In the case of charitable fundraising tickets with a clear donation component, the required exchange element is missing with respect to the donation amount. The exchange is between the original purchaser of the ticket and the charity, which directly receives the benefit of the donation. The city officer/employee is essentially a bystander to this part of the transaction. He or she receives none of the benefits of the donation -- i.e., nothing that would influence or reward his or her official decisions. As a result, there is no reasonable inference to be drawn that he or she is being influenced in discharging his or her official duties or is being rewarded for taking official action. Treating the donation portion of the fundraising ticket as a gift for purposes of the gift prohibition laws would therefore not advance the basic purposes of the law.
In contrast, there is a clear exchange with respect to the dinner that the officer/ employee receives by attending the fundraising event. Because one might reasonably infer that the provision of a free dinner would oblige the recipient to repay the favor, the required element of a quid pro quo is present; the dinner, therefore, implicates the concerns addressed by the gift prohibition law and should fall under its reach.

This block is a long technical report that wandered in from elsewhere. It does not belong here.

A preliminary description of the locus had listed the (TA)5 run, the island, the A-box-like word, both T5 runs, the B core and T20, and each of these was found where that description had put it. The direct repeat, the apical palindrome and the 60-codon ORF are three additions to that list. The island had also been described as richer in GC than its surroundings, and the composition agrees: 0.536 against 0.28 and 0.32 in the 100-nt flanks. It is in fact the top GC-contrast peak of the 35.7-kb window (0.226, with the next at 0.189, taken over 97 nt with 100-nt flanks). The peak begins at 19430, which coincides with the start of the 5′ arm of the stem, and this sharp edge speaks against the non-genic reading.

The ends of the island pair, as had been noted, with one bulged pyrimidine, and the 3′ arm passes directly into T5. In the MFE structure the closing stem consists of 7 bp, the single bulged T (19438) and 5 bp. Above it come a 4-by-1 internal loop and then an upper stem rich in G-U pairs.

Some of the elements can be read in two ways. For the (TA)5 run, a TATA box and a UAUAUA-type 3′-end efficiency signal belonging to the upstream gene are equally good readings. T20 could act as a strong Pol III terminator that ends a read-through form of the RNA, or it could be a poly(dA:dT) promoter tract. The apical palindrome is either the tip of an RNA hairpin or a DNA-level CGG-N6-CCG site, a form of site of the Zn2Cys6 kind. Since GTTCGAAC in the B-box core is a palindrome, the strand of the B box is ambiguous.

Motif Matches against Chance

This analysis would change, of course, if there were reason to believe that the officer/employee did in fact receive some benefit from the donation. For example, if the officer/employee attempted to claim the donation as a charitable deduction for tax purposes, the full amount of the ticket, including the donation amount, would be a gift under the gift prohibition laws. Similarly, if the ticket provided some benefit to the officer/employee beyond the dinner -- e.g., participation in a raffle drawing held at the dinner -- the value of the additional benefit would be a gift under the gift prohibition laws.
The Hawaii State Ethics Commission also advises that the value of a gift of a ticket to a charitable fundraising dinner that is styled as a donation is limited to the fair market value of the benefit received. For example, in its Advisory Opinion No. 95-3, the State Ethics Commission stated: “[I]f an employee received a ticket styled as a ‘$25 donation’ and then attended the event and ate a plate of spaghetti, the value of the gift was the fair market value of the plate of spaghetti.”
We believe that the foregoing valuation method should be relatively straightforward to apply. The gift cap, which prohibits the solicitation or acceptance of a gift or gifts in excess of $200 in value from the same source in one year, has underscored the importance in valuing charity fundraiser dinner tickets. One practical approach for estimating the value of the charity dinner is to ask the charity or the donor to the charity for the amount of the ticket that is not tax deductible. In most cases, the non-deductible amount will be equal to the fair market value of the dinner.
ROBIN DAVID LIU, Chairperson